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Does WD-40 Remove Hard Water Stains in Toilet? 4 Easy Steps

scrubbing toilet using toilet brush

When you have hard water, it can seem almost impossible to get rid of the stains in the toilet bowl. The residue left behind by minerals and other substances is almost impossible to remove. However, the good thing is that with a little work and some everyday ingredients from your pantry –like WD-40 – you can remove those stubborn stains in no time. Yes, WD-40 can help remove those toilet stains caused by hard water. Let’s discuss.

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What Is WD-40?

WD-40 is a multipurpose lubricant that comes in handy when trying to fix something. It works wonders on squeaky hinges, locks, and pretty much anything that moves or can be lubricated to reduce friction. One of WD-40’s most interesting uses is as a stain remover for toilets. So how do you use WD-40 to remove hard water stains in the toilet? Let’s discuss, but first…

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What Exactly Are Hard Water Stains?

Hard water stains are crystals that form on the surface of the metal, ceramic (which is what most toilets are made of), glass, and tile. They are caused by minerals in the water, such as calcium and magnesium, that attach to these surfaces.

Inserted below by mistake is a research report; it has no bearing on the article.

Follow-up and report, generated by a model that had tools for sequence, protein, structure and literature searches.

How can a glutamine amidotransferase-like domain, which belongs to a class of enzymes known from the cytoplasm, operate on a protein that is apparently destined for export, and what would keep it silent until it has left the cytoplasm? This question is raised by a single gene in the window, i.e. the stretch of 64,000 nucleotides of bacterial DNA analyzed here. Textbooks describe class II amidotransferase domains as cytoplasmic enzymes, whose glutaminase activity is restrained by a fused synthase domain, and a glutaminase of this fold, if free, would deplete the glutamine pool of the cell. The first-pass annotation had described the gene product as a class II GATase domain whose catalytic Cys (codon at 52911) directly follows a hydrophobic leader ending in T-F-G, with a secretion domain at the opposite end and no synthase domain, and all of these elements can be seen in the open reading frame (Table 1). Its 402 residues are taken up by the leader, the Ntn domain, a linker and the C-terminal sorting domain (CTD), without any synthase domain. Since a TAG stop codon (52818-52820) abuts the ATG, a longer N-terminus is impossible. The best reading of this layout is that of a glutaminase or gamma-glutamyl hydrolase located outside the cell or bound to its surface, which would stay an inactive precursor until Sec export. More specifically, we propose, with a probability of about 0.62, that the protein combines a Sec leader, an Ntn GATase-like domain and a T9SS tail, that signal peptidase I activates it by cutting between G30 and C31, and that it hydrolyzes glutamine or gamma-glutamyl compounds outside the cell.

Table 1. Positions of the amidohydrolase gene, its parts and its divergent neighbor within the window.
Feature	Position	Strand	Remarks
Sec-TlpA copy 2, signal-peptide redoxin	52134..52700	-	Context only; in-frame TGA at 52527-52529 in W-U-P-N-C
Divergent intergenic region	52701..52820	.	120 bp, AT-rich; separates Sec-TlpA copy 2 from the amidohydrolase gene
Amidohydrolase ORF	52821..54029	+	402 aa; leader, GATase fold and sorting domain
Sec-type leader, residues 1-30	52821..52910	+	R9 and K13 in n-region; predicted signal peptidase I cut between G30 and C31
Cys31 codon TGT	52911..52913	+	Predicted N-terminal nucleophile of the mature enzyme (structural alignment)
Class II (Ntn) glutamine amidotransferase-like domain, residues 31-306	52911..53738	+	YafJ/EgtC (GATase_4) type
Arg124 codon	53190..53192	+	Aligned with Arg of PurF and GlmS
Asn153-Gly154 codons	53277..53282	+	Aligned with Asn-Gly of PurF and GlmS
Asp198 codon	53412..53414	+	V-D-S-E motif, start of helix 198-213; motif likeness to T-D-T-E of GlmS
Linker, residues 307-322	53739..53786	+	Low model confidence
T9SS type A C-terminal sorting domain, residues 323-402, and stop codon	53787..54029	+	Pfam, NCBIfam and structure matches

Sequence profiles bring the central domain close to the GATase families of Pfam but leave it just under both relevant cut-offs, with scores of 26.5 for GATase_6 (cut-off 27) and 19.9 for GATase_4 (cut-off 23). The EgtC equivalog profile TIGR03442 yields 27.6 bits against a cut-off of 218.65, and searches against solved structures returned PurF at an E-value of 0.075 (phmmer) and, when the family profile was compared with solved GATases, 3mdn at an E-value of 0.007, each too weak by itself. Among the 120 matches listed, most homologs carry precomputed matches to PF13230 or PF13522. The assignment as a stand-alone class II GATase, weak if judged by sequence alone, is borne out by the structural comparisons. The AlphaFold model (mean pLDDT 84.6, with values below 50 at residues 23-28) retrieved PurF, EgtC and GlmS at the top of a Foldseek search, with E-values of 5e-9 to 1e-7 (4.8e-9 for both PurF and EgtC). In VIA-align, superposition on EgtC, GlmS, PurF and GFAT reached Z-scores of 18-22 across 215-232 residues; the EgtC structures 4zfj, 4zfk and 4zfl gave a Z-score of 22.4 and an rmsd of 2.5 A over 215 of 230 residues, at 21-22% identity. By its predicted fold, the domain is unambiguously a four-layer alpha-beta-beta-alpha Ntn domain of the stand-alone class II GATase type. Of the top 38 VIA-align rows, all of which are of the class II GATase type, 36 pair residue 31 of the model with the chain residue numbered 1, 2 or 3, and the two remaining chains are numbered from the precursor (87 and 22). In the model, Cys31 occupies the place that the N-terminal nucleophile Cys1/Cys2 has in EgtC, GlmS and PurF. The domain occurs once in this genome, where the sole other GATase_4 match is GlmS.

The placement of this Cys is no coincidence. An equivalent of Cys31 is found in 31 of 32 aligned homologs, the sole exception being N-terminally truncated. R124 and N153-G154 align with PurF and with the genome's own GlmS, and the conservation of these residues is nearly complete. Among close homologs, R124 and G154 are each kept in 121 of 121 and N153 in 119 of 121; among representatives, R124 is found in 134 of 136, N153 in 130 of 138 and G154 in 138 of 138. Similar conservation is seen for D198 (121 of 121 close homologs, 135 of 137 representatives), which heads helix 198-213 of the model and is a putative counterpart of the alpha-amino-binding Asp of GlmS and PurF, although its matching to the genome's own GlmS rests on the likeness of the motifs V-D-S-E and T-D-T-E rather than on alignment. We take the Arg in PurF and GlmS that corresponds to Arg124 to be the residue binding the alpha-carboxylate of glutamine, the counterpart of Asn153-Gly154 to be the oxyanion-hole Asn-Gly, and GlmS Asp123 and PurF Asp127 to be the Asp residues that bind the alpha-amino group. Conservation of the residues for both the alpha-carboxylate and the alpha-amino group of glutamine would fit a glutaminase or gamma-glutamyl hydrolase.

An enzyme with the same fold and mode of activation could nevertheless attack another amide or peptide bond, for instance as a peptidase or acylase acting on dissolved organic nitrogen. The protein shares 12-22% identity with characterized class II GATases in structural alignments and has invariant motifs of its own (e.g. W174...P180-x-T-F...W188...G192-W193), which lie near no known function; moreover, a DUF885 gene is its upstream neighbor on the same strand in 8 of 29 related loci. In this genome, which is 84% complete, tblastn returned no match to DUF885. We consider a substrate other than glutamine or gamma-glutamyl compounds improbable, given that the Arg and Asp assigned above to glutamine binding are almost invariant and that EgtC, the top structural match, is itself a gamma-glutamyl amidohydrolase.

The stains can range from light gray to black, and they can be found in most homes with a water source that contains minerals. The minerals attach themselves to your toilet, sinks, tubs, and other fixtures leaving behind a black or gray stain that is very difficult to remove. So, to remove the stain, you will need to use a cleanser that is stronger than the minerals in your water – and WD-40 fits the bill. Let’s look at how to use it to get rid of those toilet stains.

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The 4 Steps to Remove Hard Water Stains with WD-40

1. Apply the WD-40

close up hand spraying WD-40
Photo Credit By: Yevhenii Orlov, Shutterstock

Spray a small amount of WD-40 onto the stained area of your toilet, making sure to completely saturate a small section of the toilet at a time. The WD-40 will break down the minerals in the water and help lift them off of the surface.

2. Let the WD-40 Sit